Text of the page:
Tesla has recently announced that sales in the fourth quarter are expected to exceed prior guidance by approximately 20%, as the company is ahead of expectations in terms of vehicle production, so Musk seems to be driving it in the right direction: along the challenging road of growth and disruptive innovation.

Bottom line
Management quality is of utmost importance, especially when you're investing in innovative growth companies operating in highly competitive environments. Amazon, Whole Foods, and Tesla are run by founder-CEOs with a visionary leadership and an unquestionable commitment to the company for the long term. This says a lot about the long-term growth potential of these companies.

More great stocks for the long term
As every savvy investor knows, Warren Buffett didn't make billions by betting on half-baked stocks. He isolated his best few ideas, bet big, and rode them to riches, hardly ever selling. You deserve the same. That's why our CEO, legendary investor Tom Gardner, has permitted us to reveal The Motley Fool's 3 Stocks to Own Forever. These picks are free today! Just click here now to uncover the three companies we love. 

Editor's note: A previous version of this article referred to Walter Robb as a co-founder of Whole Foods. The Fool regrets the error.

John Mackey, co-CEO of Whole Foods Market, is a member of The Motley Fool's board of directors. Fool contributor Andrés Cardenal owns shares of Amazon.com. The Motley Fool recommends and owns shares of Amazon.com, Tesla Motors, and Whole Foods Market. Try any of our Foolish newsletter services free for 30 days. We Fools may not all hold the same opinions, but we all believe that considering a diverse range of insights makes us better investors. The Motley Fool has a disclosure policy.

4 in 5 Americans Are Ignoring Buffett's Warning

Don't be one of them.

Jun 12, 2015 at 5:01PM

Admitting fear is difficult.

So you can imagine how shocked I was to find out Warren Buffett recently told a select number of investors about the cutting-edge technology that's keeping him awake at night.

This past May, The Motley Fool sent 8 of its best stock analysts to Omaha, Nebraska to attend the Berkshire Hathaway annual shareholder meeting. CEO Warren Buffett and Vice Chairman Charlie Munger fielded questions for nearly 6 hours.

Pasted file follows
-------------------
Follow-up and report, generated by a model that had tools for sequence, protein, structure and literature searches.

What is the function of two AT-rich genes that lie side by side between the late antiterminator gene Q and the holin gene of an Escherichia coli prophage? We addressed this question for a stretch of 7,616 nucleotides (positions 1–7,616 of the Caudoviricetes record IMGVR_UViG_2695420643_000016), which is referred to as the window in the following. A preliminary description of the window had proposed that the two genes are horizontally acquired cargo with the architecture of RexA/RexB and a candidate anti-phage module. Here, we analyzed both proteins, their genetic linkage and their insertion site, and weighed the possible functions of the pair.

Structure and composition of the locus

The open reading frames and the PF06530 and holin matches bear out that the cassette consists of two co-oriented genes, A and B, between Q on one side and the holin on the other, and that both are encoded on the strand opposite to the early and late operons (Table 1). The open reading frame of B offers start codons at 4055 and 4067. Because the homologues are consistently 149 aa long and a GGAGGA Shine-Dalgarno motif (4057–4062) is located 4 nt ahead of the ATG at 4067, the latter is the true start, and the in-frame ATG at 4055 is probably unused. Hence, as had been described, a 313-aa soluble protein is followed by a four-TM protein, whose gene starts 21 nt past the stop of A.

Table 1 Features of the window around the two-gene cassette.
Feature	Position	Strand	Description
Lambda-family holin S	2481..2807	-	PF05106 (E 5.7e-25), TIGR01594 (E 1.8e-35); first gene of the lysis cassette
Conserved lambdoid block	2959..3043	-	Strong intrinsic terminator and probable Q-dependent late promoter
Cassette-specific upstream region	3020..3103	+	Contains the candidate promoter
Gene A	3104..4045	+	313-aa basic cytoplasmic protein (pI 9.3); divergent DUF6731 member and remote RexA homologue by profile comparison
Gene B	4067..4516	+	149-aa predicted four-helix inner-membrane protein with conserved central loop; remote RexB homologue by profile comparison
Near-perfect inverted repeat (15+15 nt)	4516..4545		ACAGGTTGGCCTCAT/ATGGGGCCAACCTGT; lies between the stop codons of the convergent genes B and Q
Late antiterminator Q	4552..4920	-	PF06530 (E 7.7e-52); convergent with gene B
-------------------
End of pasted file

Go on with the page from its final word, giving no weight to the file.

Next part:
The catch was: Attendees weren't allowed to record any of it. No audio. No video. 

Our team of analysts wrote down every single word Buffett and Munger uttered. Over 16,000 words. But only two words stood out to me as I read the detailed transcript of the event: "Real threat."

That's how Buffett responded when asked about this emerging market that is already expected to be worth more than $2 trillion in the U.S. alone. Google has already put some of its best engineers behind the technology powering this trend. 

The amazing thing is, while Buffett may be nervous, the rest of us can invest in this new industry BEFORE the old money realizes what hit them.

KPMG advises we're "on the cusp of revolutionary change" coming much "sooner than you think."

Even one legendary MIT professor had to recant his position that the technology was "beyond the capability of computer science." (He recently confessed to The Wall Street Journal that he's now a believer and amazed "how quickly this technology caught on.")

Yet according to one J.D. Power and Associates survey, only 1 in 5 Americans are even interested in this technology, much less ready to invest in it. Needless to say, you haven't missed your window of opportunity. 

Think about how many amazing technologies you've watched soar to new heights while you kick yourself thinking, "I knew about that technology before everyone was talking about it, but I just sat on my hands." 

Don't let that happen again. This time, it should be your family telling you, "I can't believe you knew about and invested in that technology so early on."

That's why I hope you take just a few minutes to access the exclusive research our team of analysts has put together on this industry and the one stock positioned to capitalize on this major shift.

Click here to learn about this incredible technology before Buffett stops being scared and starts buying!

David Hanson owns shares of Berkshire Hathaway and American Express. The Motley Fool recommends and owns shares of Berkshire Hathaway, Google, and Coca-Cola.We Fools don't all hold the same opinions, but we all believe that considering a diverse range of insights makes us better investors. The Motley Fool has a disclosure policy.

©1995-2014 The Motley Fool. All rights reserved. | Privacy/Legal Information